The week in higher education

August 4, 2011

• Some academics seek immortality through their ideas; Robert Ettinger sought immortality by having his body placed in a deep freezer after his death. Mr Ettinger, who has died at the age of 92, taught physics at Wayne State University in Michigan and was regarded as the father of cryonics - the practice of freezing a person's body after death in the hope of being restored to life when a cure has been found for whatever killed them. It was reported on July that Mr Ettinger had put his money where his mouth was, and has now been frozen alongside 105 similarly optimistic people (and 78 pets) at the Cryonics Institute he founded.

• The A* grade at A level was first awarded last year - but it is already being questioned. Between 12,000 and 13,000 Oxbridge applicants with at least one A* pass will fail to gain a place at one of the two ancient universities this year, The Independent reported on 30 July. The newspaper said that the figures raised questions about whether the grade "is doing its job in helping elite universities select the brightest candidates for popular courses". It added that pressure is increasing on ministers to allow pupils to apply for university places after they have received their A-level grades, rather than relying on predictions.

• Like sharks circling their prey, universities are manoeuvring for position in the new market. But there are signs that some might be ready to take bites out of each other - or chew existing groupings into bits. Rumours emerged this week that 1994 Group members Durham University and the University of Exeter, seen as part of the new AAB elite, will "seek invitations" to join the rival Russell Group. Expansion of the mission group will be a "sensitive issue for weaker members such as Liverpool, Newcastle, Cardiff and Queen's University Belfast", The Times said on 1 August. But some vice-chancellors are nervous that "expansion may prompt a handful of elite institutions to form a breakaway group focused around the likes of Cambridge, Oxford and Imperial", it added.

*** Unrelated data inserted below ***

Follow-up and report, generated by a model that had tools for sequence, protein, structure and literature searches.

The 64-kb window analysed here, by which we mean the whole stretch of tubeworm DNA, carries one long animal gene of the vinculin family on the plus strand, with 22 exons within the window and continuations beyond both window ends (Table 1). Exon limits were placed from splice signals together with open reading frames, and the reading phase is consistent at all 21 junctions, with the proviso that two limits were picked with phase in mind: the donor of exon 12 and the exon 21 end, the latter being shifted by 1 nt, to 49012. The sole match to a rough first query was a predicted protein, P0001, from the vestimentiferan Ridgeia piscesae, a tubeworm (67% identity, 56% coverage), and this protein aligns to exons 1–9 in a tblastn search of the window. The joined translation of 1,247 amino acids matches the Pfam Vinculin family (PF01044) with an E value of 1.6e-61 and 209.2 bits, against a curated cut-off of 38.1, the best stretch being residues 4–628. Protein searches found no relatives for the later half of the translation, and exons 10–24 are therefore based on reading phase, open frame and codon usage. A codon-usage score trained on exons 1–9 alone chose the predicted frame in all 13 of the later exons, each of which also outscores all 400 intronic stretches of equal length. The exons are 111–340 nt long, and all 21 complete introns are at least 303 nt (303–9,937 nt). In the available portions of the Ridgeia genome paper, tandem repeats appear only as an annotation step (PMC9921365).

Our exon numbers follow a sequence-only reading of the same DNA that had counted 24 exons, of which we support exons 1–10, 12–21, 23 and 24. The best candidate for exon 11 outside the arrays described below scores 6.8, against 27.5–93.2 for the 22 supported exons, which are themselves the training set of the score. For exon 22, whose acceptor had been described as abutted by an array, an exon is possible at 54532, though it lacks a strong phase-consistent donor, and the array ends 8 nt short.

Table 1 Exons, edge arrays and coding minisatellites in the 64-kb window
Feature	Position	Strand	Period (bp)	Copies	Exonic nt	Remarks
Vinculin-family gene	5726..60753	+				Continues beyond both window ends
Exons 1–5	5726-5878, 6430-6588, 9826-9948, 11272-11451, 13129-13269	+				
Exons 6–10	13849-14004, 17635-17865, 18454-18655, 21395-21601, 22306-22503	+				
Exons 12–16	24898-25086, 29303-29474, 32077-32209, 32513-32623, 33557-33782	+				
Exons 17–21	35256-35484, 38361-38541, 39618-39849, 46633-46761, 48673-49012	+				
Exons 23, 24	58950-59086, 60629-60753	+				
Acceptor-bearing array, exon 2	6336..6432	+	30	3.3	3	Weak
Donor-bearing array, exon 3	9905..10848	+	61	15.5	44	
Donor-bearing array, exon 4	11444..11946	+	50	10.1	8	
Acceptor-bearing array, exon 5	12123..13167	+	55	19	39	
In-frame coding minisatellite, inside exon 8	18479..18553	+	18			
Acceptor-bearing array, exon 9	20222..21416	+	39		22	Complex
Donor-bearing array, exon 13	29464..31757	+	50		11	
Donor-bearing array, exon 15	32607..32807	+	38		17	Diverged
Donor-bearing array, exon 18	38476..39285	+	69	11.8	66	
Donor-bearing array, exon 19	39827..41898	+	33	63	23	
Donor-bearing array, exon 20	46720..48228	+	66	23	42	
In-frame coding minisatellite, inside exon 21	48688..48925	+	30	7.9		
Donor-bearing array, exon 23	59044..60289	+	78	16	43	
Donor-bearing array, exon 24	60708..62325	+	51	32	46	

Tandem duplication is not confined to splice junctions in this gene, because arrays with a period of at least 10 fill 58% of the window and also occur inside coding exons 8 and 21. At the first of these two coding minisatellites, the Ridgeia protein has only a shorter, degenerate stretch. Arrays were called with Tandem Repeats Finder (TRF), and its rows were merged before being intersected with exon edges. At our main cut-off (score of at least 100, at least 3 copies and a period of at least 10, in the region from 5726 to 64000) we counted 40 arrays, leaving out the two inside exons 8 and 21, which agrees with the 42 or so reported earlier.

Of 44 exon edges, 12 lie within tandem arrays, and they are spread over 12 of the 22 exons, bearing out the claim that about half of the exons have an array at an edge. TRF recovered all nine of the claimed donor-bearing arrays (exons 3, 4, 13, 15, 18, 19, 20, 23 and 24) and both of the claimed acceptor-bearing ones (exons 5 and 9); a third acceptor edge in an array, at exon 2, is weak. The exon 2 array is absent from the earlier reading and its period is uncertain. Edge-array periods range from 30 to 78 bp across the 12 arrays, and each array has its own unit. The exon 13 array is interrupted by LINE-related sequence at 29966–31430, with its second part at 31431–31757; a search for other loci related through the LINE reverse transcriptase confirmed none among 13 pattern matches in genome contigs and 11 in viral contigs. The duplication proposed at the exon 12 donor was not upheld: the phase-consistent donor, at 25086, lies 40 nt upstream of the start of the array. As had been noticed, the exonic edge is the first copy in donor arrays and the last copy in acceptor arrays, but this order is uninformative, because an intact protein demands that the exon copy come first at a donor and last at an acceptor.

• A medical school has defended its decision to accept funding from an online sex shop for a chair in sexual health education. The $50,000 (£30,700) pledge from, which sells pornography and sex toys, will go towards the post at the University of Minnesota Medical School. The chair will be named after Joycelyn Elders, whose term as US Surgeon General in the 1990s ended after she told a United Nations conference that masturbation "perhaps should be taught" in order to reduce HIV infections, it was reported on 1 August. Eli Coleman, director of the human sexuality programme at the institution, said: "If this was a company that was into child pornography or something like that...I don't think we could morally accept. But this is a company that's responsible and law-abiding."

• Narcissism and attention-seeking are traits that are surely absent from most students. But lecturers who do find their undergraduates guilty of either now know what to blame: social-networking sites such as Twitter and Facebook. Baroness Greenfield, professor of pharmacology at the University of Oxford, believes the growth of internet "friendships" could be rewiring the brain, it was reported on 1 August. "What concerns me is the banality of so much that goes out on Twitter," she said. "It reminds me of a small child (saying): 'Look at me, Mummy, I'm doing this', 'Look at me, Mummy, I'm doing that'."

• The principal of the University of the West of Scotland has been named the new convener of Universities Scotland. Seamus McDaid replaces Bernard King, who retired as principal of the University of Abertay Dundee last week after a long-running dispute with the institution's court. Professor McDaid takes up the post at a worrying time for Scottish universities, which are facing a significant funding gap compared with English institutions. However, he said on 2 August: "We are very fortunate in Scotland that the public, Parliament and government place such value on higher education."

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